President Barack Obama last week put a stake in the ground on high-speed broadband, with FCC chairman Tom Wheeler following up with some of the commission’s own proposed action items.
As B&C reported last week, Wheeler plans to vote this month on increasing the FCC’s definition of high-speed broadband from 4 Mbps to 25 Mbps, and to vote next month on petitions asking the FCC to preempt state laws limiting municipal broadband.
The president is clearly building his legacy in this second term, free from having to run for another. It is also clearly an affirmation that the Internet is an unprecedented force in American life and that the government is likely in that space to stay.
This is where those who advise a little caution are tagged as Luddites trying to throw a monkey wrench in the wheels.com of progress. We aren’t.
But sometimes enthusiasm for what the Internet can make possible, and the speed at which those decisions can be realized, perhaps even before their consequences are fully vetted, argues for at least acknowledging the possibility that speed, while of the essence, can morph into recklessness without someone watching the engine.
That is all by way of suggesting there is an argument for not discouraging private enterprise—in this case, cable and other ISPs—from investing the multi-billions needed to build out broadband at whatever speed is preferred—and cable operators are increasing those speeds daily. It’s also about not painting them with the broad brush of evil-terminating monopolists ready to block, or discriminate, or paid-prioritize unless micromanaged into submission by a well-meaning government.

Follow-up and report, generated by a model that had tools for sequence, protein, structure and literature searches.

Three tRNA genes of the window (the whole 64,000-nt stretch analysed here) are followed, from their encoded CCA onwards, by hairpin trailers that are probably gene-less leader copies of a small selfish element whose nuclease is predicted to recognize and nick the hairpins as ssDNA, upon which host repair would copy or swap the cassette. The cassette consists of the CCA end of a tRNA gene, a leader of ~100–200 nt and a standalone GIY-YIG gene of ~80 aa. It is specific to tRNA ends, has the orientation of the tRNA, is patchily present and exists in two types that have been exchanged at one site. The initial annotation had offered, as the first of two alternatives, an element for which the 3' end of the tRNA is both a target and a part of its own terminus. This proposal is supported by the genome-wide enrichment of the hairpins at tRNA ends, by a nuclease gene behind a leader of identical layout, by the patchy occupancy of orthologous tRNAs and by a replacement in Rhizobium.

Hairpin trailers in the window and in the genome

Reasonable network neutrality rules are, well, reasonable, particularly if, as many ISPs argue, they simply codify what those providers are already doing, or not doing. But overregulating broadband with prescriptive rules has its own risks, including extending the legal fight in perpetuity.
While we are on the subject of the president’s broadband-related pre-State of the Union press tour—which is where he outlined his broadband plans last week—he is right to put an exclamation point on cybersecurity.
We don’t agree with everything in his plan, though a deadline for informing consumers where their info has been hacked sounds like a no-brainers. But at least he seems to have a plan. If legislators want something different, and some always do, they should find a way to stop yelling at each other and pass something.
Strong cybersecurity protections are not a luxury. Washington needs to stop acting as though it is a political football to be tossed around, then put away for another day.